Amazon has been granted FCC approval for its $10bn (£7.6bn) plan to launch a constellation of 3,236 satellites that will be used to provide high-speed broadband connectivity to underserved communities.
Dubbed ‘Project Kuiper’, it is expected to take up to a decade to launch all of the satellites, which have been designed to provide internet to tens of millions of people around the world who currently lack access.
The satellites will be placed into low-earth orbit where they should be able to provide low-latency connections to those on the ground. One of the FCC’s requirements was that Amazon’s launches do not impact any other satellite launches that have already been planned.
Amazon claims it needs just 578 satellites to begin an initial service, which will be expanded over time.
“We have heard so many stories lately about people who are unable to do their job or complete schoolwork because they don’t have reliable internet at home,” said Dave Limp, senior vice president at Amazon.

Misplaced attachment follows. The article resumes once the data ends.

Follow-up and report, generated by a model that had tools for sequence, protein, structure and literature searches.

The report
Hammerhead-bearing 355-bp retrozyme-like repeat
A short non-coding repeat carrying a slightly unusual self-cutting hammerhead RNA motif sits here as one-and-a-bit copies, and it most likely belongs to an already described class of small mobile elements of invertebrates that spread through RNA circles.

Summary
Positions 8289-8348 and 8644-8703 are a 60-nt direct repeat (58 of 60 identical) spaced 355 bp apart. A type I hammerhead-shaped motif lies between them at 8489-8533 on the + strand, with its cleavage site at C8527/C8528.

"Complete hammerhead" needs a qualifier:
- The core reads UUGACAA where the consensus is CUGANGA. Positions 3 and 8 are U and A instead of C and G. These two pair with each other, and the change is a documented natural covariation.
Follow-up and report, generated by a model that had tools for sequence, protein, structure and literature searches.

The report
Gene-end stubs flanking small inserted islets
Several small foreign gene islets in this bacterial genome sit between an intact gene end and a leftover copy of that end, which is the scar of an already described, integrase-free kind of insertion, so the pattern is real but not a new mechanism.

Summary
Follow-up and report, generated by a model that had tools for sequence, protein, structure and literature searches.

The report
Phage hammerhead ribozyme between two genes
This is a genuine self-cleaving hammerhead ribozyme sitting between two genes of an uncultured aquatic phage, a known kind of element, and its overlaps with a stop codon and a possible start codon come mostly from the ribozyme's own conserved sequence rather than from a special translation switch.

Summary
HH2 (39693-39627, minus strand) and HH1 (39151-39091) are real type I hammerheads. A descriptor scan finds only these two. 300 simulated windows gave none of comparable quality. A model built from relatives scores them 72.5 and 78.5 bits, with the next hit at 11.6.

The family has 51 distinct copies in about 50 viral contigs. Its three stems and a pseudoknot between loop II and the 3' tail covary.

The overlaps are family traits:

“There are still too many places where broadband access is unreliable or where it doesn’t exist at all. Kuiper will change that. Our $10bn investment will create jobs and infrastructure around the United States that will help us close this gap.
“We appreciate the FCC’s unanimous, bipartisan support on this issue and I want to thank Chairman Pai and the rest of the Commission for taking this important first step with us. We’re off to the races.”
Amazon envisages that the network could also be used during disaster relief if local, ground-based infrastructure has been damaged.
The online retail giant has not announced who it will choose to launch the satellites, although the firm’s CEO Jeff Bezos already owns rocket company Blue Origin.
In 2018, Elon Musk’s SpaceX also got FCC approval to launch 7,000 satellites for its Starlink project, also intended to provide broadband from space. The first batch of 60 satellites were launched in May 2019.
SpaceX President Gwynne Shotwell, who in February floated the idea of spinning Starlink off for an IPO in the coming years, said the project will cost the company roughly $10bn.
The FCC authorisation for the Amazon project, which was adopted with a 5-0 vote, requires the firm to launch half of its satellites no later than mid-2026 and build the rest of the constellation by mid-2029.